Winter comes to Burgundy.

It snowed last night and into this morning when I got up. I wanted to go out and get a picture of my bike tires making tracks in the snow, like Greg, but by the time I ate breakfast, drank a second cup of coffee, read the paper and got dressed, the roads had melted clear. The village road crew did get to use their plow, but they weren’t fast enough to finish all the streets before the melting had commenced, which must have been a disappointment for them. Sue and I walked down to the local bistro for lunch, and after lunch the sun came out. I got the bike out of the garage and went for a little ride around town before the skies could once again cloud over. Pruning time in the vines is well advanced. This field is finished, just waiting for spring for the buds to open.

In this field, the canes have been pruned off the stems and are bundled on the ground waiting to be collected and probably burned. Leo Woodland says vines make him think of industrialized farming, standing in regimented ranks as they do. To me they are a symbol of all the back-breaking hand labor it takes to make them productive and are one of the least industrial of all farm cultures. What do you think?

Sun down coming on, I head for home, glad for the chance to ride, even if its just around town.

Km ridden: 7

Old fogy from France. Rides bikes and eats.

7 response to "Winter comes to Burgundy."

  1. By: gregblood Posted: January 23, 2019

    Hey Keith, since the French snow doesn’t stay on the ground long enough to photograph your tire tracks, may I make a small suggestion? Next time, by all means drink both cups of coffee, but try to skip the breakfast and the newspaper-reading. Those simple measures will help you get out there and spin your wheels on some nice, greasy snow.

    In regard to the industrial farming topic, I agree with you. I can’t think of a more hands-on crop. (Raising mushrooms in a cave maybe?) I do know that the fruits that make my favorite beverage–hops and grains–are highly industrialized.

    • By: Bikerdockeith Posted: January 24, 2019

      Hi Greg,

      Gee for a minute there I thought you were going to say “drink both cups of coffee and go out and write your name in the snow”. At my age, this would probably get me in a whole lot of trouble.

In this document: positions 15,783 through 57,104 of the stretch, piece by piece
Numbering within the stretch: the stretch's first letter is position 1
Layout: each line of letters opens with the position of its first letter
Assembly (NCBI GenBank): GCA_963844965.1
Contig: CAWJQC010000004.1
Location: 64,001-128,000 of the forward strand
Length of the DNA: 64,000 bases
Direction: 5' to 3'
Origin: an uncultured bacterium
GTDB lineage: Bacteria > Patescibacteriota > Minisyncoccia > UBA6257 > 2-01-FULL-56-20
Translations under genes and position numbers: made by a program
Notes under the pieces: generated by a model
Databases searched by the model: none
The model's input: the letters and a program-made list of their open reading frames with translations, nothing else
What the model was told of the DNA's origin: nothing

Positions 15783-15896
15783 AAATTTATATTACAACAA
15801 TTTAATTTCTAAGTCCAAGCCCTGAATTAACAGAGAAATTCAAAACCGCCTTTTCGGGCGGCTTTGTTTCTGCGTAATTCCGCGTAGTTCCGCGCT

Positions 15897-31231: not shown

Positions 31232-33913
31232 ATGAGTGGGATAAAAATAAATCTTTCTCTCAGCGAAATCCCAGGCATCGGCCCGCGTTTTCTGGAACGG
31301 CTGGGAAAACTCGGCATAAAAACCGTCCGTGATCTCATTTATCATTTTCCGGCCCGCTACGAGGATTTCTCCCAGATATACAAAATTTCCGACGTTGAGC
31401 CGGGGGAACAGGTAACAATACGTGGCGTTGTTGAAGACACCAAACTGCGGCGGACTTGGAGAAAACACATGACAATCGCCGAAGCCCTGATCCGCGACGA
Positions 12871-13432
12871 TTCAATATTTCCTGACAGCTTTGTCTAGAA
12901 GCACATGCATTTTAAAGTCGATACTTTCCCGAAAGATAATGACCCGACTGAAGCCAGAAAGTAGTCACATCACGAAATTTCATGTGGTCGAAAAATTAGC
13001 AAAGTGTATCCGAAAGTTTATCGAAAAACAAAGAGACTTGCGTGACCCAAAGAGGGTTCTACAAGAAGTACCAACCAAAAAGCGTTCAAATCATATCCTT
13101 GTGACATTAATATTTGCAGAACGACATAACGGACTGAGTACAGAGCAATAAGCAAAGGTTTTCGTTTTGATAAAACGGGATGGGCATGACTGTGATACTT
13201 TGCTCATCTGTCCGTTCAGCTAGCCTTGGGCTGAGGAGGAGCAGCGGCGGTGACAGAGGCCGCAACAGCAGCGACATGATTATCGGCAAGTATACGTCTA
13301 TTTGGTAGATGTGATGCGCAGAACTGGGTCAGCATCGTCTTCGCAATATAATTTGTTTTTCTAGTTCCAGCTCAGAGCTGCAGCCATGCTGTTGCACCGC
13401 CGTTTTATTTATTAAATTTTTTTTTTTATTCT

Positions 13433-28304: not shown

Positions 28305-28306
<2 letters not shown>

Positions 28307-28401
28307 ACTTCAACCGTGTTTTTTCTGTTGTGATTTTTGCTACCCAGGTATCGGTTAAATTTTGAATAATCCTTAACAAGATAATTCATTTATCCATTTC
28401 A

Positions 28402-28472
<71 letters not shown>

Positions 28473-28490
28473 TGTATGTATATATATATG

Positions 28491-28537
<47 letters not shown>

Greasy skid stuff aside, mushroom farming is mechanized. The Dutch have invented a whole range of machines for planting, growing and harvesting mushrooms (Agaricus bisporus) that have eliminated 90% of the labor. I once got sent to Russia to advise mushroom growers on how to use the equipment they had purchased to grow more with fewer people. The old Stalinist mentality of “full employment at any cost” really posed a problem for them. They left the new machines idle so that everyone could work. Things for small minds to ponder.



  2. By: Seasidejanet Posted: January 23, 2019

    Nice snow……so the winery I work for grows their grapes in the Santa Lucia Highlands known for Pinot Noir and Chardonnay. One of the most talked about lore here is that one of the early growers was traveling in France and picked up some of those cuttings and brought them back to Monterey and that’s how our wonderful Pinot came about…sorry if I’ve told that story before😂

    • By: Bikerdockeith Posted: January 24, 2019

      Hi Janet,
      Does it snow in the Santa Lucia Highlands? The reason I ask is because the local growers claim that freezing weather is essential for Pinot Noir to develop properly. And not to worry about your story. EVERYBODY tells that one!

  3. By: Lednar De Nalloh Posted: January 24, 2019

    I love riding around the vineyards. They bring a nice contrast in colour, green when all the paddocks are brown in summer and autumn colours and usually have charming buildings, especially in Burgundy I’d say. A friend of mine worked on a harvesting machine and had to remove all the rodents off the conveyor belt, he might have missed a few. Now I know what they mean by a ‘full bodied’ wine.

    • By: Bikerdockeith Posted: January 24, 2019

      Hi Lednar,
      Burgundy does indeed have some charming buildings, but unlike Oz, or Provence, our countryside is green all year round. Only the crops ever turn yellow (thankfully in the case of wheat) and brown is for plowed fields. More than 95% of the harvest here is done by hand, adding to the labor, but eliminating any rodent problem.

  4. By: Scooter Posted: January 24, 2019

    I hadn’t thought of vineyards like that, but you’re right. It’s one of the few places in the western world where you still see so much manual field work. It has such a romantic appeal, until you stop to think of how backbreaking work like that must be.

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